'Concealed killings'

Chester Stamp, prosecuting before the International Criminal Tribunal in the former Yugoslavia, stressed Djordjevic's role in operations carried out against ethnic Albanians, including the expulson by the Yugoslavian and Serbian armies of a third of the Albanians living in Kosovo.

Stamp told the court in the Netherlands that ethnic Albanians were forced to leave their homes, with the women and children separated from the men, who were then killed.

He said the bodies were concealed by being moved to mass graves in Serbia.

A court indictment alleges that Djordjevic "willingly participated in a joint criminal enterprise whose aim was to expel the majority of the Kosovo Albanian population to ensure continued Serbian control over the territory".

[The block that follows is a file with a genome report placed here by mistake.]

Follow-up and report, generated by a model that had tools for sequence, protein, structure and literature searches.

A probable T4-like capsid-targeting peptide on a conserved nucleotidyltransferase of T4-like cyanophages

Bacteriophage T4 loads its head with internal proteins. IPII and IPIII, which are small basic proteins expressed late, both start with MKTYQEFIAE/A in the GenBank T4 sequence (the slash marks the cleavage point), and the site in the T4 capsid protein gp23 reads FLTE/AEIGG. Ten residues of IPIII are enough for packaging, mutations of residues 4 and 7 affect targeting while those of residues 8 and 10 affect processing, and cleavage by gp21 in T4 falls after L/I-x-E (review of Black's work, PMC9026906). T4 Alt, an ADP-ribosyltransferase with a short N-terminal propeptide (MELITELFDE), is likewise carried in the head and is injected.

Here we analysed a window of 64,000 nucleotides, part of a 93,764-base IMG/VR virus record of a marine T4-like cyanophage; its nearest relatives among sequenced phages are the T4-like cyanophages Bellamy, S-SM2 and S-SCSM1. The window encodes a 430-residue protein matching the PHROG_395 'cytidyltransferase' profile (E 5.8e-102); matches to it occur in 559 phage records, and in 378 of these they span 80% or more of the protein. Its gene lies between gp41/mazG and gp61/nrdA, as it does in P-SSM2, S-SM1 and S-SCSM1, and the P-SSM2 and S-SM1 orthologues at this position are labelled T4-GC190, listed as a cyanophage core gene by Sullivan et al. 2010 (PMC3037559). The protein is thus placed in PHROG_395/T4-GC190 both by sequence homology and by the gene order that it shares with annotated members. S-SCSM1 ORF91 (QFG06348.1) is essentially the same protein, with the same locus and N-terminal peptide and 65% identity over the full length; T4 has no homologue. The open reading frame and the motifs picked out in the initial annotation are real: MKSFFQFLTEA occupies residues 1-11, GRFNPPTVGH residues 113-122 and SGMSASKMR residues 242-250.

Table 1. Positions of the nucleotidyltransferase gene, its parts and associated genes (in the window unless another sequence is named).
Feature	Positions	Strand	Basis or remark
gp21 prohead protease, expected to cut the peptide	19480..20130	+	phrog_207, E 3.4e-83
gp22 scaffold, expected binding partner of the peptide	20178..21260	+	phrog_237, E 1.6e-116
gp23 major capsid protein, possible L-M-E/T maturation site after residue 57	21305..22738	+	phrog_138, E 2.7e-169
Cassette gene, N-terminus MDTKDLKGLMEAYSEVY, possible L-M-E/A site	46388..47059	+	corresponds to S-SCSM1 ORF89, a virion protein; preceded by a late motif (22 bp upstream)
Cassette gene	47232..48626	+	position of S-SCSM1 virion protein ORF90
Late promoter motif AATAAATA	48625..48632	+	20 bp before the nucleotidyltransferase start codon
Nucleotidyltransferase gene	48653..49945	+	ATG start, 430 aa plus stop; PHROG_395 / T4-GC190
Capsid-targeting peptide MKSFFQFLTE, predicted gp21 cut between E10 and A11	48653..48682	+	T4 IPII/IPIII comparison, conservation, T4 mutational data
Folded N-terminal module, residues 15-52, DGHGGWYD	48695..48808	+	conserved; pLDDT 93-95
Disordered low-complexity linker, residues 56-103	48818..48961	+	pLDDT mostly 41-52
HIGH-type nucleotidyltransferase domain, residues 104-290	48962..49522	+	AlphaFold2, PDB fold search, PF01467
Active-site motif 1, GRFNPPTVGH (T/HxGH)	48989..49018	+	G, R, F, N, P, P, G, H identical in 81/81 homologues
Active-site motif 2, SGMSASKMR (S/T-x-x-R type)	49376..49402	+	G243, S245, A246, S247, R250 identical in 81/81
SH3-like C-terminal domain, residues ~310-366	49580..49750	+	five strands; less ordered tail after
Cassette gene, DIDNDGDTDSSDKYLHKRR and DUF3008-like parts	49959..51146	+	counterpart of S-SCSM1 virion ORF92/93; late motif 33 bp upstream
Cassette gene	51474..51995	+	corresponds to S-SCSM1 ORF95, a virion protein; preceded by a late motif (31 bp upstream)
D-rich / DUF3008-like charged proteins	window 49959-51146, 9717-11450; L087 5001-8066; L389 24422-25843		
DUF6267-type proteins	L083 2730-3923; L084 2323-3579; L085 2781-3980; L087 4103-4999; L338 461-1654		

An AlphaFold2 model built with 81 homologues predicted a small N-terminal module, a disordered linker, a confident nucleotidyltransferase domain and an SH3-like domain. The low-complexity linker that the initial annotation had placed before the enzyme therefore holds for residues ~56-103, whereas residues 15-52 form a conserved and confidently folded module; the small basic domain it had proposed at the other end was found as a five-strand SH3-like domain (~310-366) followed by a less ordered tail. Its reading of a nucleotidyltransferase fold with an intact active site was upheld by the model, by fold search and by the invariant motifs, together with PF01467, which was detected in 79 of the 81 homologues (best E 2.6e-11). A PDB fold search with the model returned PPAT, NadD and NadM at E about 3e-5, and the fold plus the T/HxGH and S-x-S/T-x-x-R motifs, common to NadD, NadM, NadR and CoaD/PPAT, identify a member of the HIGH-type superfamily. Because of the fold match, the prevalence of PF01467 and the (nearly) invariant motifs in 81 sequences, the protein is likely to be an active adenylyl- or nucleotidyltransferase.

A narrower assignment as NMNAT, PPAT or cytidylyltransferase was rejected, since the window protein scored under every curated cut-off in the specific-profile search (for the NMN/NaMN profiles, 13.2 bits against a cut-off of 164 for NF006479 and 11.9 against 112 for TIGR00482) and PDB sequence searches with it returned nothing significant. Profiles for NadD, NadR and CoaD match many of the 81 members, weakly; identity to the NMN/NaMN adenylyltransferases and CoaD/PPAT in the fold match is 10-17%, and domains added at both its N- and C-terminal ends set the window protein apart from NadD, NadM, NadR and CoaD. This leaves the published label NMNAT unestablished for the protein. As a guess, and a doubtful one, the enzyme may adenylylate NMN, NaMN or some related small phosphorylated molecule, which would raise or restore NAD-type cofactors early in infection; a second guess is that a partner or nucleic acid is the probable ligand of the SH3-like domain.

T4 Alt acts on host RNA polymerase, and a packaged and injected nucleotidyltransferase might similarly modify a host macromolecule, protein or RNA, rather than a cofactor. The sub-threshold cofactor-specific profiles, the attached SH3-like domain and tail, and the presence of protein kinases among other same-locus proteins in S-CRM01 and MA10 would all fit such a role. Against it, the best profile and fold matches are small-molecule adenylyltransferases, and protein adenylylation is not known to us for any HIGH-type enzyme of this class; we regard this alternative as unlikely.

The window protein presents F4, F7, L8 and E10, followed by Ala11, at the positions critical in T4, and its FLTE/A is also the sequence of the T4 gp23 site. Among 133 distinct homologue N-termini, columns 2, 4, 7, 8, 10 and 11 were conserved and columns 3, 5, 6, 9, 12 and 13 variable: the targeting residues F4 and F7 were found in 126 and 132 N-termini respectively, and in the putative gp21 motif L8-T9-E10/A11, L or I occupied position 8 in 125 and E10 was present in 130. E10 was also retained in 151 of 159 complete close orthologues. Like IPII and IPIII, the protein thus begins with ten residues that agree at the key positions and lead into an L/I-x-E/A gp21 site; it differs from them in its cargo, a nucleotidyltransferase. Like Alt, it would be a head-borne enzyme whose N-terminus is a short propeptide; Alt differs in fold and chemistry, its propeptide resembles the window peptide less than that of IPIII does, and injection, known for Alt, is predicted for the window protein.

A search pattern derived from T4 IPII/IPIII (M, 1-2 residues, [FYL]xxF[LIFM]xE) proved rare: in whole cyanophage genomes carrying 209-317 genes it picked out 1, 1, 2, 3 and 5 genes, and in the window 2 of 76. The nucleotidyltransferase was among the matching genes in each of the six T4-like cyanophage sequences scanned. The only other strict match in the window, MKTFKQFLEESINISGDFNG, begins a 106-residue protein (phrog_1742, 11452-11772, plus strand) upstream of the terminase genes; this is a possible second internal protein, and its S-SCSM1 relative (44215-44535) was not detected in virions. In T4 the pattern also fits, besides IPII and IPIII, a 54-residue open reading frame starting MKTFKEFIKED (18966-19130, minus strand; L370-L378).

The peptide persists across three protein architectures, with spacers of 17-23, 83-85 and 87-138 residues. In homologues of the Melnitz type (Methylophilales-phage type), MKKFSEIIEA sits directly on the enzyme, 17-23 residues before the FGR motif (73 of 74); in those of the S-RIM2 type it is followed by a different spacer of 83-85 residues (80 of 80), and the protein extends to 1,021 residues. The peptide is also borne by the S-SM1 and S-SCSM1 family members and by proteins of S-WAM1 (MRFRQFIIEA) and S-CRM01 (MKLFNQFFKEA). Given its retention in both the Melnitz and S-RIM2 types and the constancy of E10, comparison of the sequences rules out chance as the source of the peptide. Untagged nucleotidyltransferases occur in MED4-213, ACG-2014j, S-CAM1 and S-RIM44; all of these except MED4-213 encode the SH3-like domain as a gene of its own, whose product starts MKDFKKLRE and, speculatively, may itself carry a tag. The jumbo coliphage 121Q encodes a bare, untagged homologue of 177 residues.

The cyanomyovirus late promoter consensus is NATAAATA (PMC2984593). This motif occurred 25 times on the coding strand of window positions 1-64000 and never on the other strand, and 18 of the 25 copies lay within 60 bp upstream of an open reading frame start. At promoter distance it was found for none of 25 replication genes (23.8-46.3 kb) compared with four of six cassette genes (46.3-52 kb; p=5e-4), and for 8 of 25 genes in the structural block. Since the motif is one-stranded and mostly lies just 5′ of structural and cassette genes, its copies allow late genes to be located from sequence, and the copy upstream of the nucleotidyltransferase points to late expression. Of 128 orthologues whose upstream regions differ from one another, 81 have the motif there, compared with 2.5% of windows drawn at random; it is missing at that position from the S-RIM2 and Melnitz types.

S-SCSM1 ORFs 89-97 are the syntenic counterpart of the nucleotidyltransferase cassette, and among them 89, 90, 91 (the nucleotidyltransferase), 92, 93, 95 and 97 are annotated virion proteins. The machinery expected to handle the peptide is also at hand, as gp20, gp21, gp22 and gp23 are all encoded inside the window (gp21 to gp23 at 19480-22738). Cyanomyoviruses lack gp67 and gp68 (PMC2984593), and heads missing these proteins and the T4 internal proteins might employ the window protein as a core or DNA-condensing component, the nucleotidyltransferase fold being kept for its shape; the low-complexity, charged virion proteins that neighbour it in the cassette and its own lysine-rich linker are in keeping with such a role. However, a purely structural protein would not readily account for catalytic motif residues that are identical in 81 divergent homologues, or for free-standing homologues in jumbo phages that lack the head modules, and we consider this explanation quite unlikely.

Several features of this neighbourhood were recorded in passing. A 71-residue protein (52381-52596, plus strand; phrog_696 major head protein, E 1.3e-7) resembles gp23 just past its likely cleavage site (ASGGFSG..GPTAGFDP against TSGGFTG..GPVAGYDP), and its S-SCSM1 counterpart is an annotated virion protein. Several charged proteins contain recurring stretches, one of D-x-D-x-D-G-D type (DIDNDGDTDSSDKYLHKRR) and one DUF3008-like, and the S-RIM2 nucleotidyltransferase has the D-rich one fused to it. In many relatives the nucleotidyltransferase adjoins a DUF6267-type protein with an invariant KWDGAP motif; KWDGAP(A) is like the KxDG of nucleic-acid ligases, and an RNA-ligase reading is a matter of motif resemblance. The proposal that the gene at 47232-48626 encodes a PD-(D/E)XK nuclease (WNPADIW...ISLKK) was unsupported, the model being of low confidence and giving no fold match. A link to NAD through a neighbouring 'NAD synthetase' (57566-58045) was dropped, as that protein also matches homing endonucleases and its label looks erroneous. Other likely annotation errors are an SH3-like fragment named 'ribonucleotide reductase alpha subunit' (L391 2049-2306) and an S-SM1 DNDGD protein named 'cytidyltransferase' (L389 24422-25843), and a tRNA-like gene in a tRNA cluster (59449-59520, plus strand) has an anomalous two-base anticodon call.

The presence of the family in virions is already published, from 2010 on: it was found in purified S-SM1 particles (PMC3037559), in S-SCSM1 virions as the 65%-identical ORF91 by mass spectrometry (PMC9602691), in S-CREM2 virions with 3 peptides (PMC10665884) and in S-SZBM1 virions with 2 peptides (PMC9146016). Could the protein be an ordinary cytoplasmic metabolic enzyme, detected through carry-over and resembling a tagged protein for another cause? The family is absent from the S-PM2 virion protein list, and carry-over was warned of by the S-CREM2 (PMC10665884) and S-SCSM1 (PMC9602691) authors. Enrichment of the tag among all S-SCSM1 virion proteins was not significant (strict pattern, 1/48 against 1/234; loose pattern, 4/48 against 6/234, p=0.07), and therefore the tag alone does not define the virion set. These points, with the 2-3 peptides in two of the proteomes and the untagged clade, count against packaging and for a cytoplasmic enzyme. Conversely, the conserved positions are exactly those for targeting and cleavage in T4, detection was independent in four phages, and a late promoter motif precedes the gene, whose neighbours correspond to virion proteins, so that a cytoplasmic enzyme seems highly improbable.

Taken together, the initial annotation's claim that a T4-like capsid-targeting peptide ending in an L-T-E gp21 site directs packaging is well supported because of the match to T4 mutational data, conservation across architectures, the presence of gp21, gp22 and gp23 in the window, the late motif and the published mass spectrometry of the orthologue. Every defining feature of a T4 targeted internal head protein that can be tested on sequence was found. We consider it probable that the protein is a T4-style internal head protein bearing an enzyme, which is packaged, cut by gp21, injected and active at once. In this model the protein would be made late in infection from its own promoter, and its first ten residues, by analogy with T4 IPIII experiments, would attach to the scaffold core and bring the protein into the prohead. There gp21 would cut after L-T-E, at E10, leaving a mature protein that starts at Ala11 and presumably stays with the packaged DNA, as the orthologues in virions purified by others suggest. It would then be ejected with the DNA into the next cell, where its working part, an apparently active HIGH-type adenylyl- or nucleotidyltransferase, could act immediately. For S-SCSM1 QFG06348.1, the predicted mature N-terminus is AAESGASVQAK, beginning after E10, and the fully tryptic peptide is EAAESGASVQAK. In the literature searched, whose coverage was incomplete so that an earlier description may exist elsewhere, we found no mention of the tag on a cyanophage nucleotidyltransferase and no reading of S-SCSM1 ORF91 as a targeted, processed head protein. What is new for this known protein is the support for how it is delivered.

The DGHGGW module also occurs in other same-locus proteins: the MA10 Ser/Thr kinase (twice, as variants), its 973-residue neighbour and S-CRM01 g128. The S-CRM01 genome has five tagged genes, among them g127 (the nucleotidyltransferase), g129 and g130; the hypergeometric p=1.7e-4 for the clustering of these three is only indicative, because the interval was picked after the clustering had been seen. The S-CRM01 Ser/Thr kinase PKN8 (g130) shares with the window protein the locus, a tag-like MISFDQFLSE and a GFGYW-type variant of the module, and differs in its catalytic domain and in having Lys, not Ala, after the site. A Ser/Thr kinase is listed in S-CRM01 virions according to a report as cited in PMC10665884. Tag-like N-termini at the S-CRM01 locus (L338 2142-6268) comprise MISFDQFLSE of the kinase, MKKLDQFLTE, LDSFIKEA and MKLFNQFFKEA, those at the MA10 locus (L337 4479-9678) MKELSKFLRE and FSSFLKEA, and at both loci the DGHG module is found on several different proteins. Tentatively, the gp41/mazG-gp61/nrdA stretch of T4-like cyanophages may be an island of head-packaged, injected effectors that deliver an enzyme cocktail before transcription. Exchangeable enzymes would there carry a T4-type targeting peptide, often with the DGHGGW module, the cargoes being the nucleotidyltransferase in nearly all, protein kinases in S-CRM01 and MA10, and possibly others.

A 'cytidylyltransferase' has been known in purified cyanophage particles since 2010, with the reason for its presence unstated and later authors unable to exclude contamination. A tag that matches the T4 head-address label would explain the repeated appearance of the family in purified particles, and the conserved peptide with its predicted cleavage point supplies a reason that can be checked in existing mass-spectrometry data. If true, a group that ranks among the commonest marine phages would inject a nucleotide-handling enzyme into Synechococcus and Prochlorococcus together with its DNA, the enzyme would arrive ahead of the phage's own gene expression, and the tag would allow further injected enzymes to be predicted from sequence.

It said that forces involved in the operation were also "alleged to have sexually assaulted women, as well as looted and destroyed civilian property and religious sites".

On Tuesday, Djordjevic told the court that the operations he oversaw were not aimed against civilians but the "terrorists" of the Kosovo Liberation Army, who were seeking the secession of Kosovo from Yugoslavia.

"They wanted to secede and created the semblance of a humanitarian catastrophe for which Serbia would be blamed," he said.

Djordjevic, who was an aide to Slobodan Milosevic, the former Yugoslav president, was arrested in Montenegro in June 2007 after nearly four years on the run.